coming back for more?:

 

I work best with deadlines, so having a simple deadline (50k words by

the end of the month) is a good incentive to get something written. I

have a ton of ideas stashed away that I’d like to write and so it’s a

good excuse to pull one off the list and write it.

 

-What were some of the things you taken away from past NaNo’s?  Any

lessons you’d pass on to a newcomer and things you’d personally do

different this year?:

 

Mostly that it showed I could sit down and get a story pretty much

written in far less time than I’d imagined. The downside is that it is

just a very rough draft so you really need to revise it into a readable

story if you want to learn as much as you can from the process. Having

proven I could write the words I’ve learned a lot since from revising a

story to make those words worth reading.

 

I always made a rough outline before I started so that I’d have some

idea of where I was intending to go, but I didn’t always follow it; I

would say that helps because you don’t waste too much time thinking

about what should happen next and can concentrate on putting the words

down. In addition, if I realised something needed to be fixed I’d

normally just put a note in the margin rather than spend the time to go

back and rewrite it then.

 

One idea I like but have never used in Nano is the ‘snowflake method’

(there’s a web page of that name) where you start with a very basic

outline of the story and then expand it in multiple stages until you

have a very thorough outline. If I was starting from scratch this time

I’d probably give that a try.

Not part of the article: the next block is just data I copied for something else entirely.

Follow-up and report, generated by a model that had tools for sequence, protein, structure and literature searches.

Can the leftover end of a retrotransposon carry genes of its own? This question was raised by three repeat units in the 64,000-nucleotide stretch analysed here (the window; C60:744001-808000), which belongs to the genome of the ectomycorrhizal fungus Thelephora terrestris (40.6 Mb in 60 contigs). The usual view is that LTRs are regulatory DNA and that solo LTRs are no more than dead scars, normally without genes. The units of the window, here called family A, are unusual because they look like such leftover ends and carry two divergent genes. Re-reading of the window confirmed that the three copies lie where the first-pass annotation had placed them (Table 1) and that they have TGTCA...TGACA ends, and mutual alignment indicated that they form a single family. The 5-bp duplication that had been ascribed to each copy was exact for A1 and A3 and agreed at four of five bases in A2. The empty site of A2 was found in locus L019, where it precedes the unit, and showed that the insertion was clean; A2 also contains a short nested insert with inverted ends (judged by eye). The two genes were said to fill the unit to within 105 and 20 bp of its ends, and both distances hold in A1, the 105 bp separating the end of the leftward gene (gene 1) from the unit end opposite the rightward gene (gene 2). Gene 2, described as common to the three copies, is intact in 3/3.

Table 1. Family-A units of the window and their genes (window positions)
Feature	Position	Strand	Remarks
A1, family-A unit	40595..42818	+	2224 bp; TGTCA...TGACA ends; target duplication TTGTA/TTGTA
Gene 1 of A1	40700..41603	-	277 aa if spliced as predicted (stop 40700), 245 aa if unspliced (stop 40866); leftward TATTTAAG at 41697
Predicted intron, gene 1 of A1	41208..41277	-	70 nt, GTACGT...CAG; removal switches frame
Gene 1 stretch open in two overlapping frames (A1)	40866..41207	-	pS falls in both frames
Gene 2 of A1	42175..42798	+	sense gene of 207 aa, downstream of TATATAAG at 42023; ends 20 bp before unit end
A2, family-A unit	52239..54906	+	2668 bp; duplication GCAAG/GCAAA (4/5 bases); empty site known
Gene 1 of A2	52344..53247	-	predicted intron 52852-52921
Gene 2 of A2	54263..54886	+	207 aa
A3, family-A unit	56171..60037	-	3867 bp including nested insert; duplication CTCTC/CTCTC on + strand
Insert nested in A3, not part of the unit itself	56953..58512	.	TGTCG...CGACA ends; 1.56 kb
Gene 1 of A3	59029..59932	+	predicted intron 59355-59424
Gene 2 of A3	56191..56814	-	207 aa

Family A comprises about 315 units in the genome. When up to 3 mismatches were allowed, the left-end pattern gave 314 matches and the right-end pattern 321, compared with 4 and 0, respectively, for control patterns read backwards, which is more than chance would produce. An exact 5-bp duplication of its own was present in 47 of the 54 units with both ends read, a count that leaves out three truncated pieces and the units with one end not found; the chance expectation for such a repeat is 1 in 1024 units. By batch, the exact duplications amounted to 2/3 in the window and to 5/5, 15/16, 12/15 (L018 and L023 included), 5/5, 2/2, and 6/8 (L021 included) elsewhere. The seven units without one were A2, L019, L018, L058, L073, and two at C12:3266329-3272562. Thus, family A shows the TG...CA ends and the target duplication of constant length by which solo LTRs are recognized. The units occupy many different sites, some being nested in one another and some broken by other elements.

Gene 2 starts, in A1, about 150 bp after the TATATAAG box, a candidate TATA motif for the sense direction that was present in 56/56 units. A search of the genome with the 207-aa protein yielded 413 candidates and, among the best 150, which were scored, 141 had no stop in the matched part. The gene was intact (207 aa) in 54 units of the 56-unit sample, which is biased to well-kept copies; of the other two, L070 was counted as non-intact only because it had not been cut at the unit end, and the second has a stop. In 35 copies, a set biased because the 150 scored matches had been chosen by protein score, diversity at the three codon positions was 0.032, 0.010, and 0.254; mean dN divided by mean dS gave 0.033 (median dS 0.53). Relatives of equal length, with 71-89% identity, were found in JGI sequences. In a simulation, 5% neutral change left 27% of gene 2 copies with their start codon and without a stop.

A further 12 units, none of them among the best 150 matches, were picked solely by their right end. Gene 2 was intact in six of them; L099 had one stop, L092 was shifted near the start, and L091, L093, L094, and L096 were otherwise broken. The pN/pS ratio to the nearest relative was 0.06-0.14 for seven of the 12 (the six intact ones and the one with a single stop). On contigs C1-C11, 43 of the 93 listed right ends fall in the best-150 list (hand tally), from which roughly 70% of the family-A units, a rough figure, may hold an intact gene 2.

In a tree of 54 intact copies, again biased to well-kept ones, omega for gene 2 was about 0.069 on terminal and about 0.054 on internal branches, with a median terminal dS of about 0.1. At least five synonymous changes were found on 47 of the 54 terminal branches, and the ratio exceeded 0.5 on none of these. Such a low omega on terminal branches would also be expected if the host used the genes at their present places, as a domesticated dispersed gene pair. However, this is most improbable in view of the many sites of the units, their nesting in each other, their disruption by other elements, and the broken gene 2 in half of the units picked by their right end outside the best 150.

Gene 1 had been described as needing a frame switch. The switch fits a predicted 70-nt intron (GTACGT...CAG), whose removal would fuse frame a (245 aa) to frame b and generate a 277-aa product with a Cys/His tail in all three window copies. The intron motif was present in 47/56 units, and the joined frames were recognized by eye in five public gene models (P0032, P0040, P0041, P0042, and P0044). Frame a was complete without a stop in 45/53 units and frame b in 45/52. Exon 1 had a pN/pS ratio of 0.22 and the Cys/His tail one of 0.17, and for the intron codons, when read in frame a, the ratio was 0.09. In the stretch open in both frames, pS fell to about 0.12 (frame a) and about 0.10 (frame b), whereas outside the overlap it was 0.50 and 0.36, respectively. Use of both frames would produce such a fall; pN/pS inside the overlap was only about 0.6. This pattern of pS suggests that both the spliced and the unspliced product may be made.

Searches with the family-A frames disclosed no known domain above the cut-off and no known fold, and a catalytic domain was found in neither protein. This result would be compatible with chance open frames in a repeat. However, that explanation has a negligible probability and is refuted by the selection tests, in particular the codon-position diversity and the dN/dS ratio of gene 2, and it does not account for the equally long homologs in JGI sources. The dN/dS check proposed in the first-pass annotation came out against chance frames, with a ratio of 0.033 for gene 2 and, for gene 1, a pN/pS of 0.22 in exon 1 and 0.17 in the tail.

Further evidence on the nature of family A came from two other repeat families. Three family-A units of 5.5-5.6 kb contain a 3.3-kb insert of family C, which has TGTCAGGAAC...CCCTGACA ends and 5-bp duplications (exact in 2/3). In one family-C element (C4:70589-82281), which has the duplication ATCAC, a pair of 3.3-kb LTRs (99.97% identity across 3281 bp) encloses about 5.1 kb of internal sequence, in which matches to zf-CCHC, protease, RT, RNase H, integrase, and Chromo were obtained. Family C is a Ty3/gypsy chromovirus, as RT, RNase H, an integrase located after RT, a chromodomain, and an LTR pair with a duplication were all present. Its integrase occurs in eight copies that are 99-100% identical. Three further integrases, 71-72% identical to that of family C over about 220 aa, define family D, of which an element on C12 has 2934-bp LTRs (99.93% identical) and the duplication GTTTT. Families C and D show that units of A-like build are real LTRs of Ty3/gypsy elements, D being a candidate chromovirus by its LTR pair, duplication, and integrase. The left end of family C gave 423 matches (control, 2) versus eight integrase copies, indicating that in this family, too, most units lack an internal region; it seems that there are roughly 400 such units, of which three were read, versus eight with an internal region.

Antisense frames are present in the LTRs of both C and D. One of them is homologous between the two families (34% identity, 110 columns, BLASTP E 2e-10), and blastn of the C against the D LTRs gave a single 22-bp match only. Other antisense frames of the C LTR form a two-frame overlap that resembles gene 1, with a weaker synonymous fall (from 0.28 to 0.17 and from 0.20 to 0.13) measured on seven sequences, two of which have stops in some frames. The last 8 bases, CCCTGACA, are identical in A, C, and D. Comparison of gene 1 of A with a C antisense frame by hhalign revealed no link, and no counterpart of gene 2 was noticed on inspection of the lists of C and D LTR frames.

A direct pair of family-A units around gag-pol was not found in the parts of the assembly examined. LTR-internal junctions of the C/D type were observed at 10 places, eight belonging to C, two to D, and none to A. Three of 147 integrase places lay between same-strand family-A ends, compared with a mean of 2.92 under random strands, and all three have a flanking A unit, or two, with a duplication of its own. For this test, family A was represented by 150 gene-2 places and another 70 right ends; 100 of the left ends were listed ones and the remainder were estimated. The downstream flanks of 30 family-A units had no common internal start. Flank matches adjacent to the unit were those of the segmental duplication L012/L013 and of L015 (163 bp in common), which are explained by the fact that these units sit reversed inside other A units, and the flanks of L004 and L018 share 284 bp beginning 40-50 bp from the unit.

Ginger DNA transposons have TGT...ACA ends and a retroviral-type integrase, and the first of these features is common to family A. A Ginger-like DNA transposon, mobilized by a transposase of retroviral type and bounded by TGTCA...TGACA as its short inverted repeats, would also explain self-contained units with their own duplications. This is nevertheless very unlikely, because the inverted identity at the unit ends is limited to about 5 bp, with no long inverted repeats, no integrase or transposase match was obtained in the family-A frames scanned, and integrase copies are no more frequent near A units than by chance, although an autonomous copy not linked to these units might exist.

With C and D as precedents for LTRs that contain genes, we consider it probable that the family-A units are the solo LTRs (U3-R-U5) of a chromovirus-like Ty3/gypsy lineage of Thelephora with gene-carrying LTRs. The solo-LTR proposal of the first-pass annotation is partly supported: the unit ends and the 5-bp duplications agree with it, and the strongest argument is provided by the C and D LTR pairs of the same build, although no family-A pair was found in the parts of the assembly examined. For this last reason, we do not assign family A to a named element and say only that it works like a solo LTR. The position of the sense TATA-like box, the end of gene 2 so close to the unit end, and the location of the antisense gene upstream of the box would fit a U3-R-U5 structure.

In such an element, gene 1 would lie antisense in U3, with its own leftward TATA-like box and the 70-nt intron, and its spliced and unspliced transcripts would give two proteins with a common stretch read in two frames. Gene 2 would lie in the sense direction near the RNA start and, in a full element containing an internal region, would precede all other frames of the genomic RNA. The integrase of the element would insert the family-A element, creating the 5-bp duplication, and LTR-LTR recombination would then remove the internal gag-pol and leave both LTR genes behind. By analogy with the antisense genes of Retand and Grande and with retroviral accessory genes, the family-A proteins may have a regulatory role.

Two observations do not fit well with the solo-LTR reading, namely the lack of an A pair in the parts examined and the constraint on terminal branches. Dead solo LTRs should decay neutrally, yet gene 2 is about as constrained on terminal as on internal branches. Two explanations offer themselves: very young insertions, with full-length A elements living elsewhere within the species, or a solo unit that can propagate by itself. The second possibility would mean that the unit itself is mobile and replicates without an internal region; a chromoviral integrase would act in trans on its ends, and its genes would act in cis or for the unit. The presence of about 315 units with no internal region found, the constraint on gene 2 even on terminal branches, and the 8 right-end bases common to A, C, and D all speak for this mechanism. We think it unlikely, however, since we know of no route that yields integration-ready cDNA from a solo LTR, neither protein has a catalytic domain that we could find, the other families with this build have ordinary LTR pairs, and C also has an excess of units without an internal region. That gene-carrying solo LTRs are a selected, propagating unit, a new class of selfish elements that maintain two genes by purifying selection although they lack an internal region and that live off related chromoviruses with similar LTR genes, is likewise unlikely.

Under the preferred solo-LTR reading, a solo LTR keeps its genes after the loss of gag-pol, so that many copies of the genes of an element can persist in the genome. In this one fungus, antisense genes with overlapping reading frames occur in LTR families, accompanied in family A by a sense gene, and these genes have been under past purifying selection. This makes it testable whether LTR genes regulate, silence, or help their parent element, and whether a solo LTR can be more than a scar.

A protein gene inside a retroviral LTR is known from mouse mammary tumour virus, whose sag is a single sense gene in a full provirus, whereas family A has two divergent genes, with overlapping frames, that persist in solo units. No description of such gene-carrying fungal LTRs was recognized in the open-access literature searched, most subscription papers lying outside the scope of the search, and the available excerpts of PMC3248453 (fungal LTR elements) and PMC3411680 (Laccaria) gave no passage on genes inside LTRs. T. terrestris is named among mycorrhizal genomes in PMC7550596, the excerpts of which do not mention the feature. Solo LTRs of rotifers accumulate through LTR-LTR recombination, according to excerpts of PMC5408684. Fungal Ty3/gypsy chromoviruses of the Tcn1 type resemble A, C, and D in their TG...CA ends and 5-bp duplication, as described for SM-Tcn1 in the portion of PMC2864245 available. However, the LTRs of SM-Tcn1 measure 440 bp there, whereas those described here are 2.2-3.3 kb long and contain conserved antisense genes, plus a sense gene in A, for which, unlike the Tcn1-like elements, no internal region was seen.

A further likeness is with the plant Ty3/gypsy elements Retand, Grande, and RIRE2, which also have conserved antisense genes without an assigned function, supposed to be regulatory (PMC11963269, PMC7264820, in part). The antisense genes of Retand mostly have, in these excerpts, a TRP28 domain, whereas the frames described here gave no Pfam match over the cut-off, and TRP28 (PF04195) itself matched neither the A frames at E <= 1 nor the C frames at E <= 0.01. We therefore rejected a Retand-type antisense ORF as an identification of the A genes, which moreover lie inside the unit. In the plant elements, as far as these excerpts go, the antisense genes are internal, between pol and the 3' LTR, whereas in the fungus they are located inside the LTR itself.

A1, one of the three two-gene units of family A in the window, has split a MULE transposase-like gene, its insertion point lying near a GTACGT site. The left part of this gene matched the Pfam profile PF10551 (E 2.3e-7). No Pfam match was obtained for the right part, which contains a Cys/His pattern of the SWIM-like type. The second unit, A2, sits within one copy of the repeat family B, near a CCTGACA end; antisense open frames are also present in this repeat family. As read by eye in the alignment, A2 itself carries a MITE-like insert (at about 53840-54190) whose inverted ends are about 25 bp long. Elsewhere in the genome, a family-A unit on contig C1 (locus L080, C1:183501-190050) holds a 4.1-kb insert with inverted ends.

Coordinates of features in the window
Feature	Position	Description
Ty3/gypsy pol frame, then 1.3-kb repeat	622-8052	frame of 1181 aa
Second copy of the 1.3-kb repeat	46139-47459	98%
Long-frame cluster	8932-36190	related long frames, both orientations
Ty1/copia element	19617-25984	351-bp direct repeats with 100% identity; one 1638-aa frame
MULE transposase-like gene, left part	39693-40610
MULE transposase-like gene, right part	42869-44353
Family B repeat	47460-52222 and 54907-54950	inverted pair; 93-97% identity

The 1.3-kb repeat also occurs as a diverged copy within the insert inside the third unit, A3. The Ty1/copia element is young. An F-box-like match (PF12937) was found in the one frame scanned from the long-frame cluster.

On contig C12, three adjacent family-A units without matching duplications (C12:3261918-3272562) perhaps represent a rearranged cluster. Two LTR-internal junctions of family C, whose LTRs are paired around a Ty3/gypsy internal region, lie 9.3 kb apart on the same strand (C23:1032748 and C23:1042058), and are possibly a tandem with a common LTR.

-What happened to your story–did you publish it?  Junk it?  Still

working on it?  (this is the place where it is A-O.K to mention a

published book, if that book came from NaNoWriMo’s of the past):

 

I have five and at the moment they’re waiting for me to get around to

revising them; I think at least four of them are worth further work.

Hopefully ‘Petrina’ and ‘Highgate Horror’ will be out sometime next year

along with the new Nano novel.

 

-What do you think your biggest personal challange will be when it comes

to NaNoWriMo this year?

Time, I think. When I first did Nano I was single (well, my girlfriend

was on the other side of the Atlantic) and living in a log cabin so I

could start as soon as I got back from my day job and finish at 4am if

need be. Now I have to deal with cooking and mowing the lawn, and I’m

on-call for my day job for part of the month so hopefully no disasters

will happen.

 

-Since you’re obviously back for more–tell us–what prep work have you

done for 2011 NaNo?  Do you have a strong plot mapped out?  Character

development?  What are you current plans?:

 

I’m deciding between two stories, both of which I have as half-written

screenplays; hence I already know the characters, the beginning and the

end but I need to figure out the middle. One was written to be a really

cheap indie horror movie with a few people in a warehouse and plenty of

gratuitous sex and violence, the other is a war movie which would

require more research. I’m tending toward the war story but I hope I

have enough time for any research I have to do while writing it…

otherwise there may be more ‘[things go here]’ notes than usual this time.

 

-Do you plan to keep working on this book/novella/script post-NaNo?

 

I’d like to get it finished and published before Christmas, but I

suspect I won’t make that deadline if I go for the war story.

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One thought on “Blog Party for Edward M. Grant

  1. Pingback: NaNoWriMo | Edward M. Grant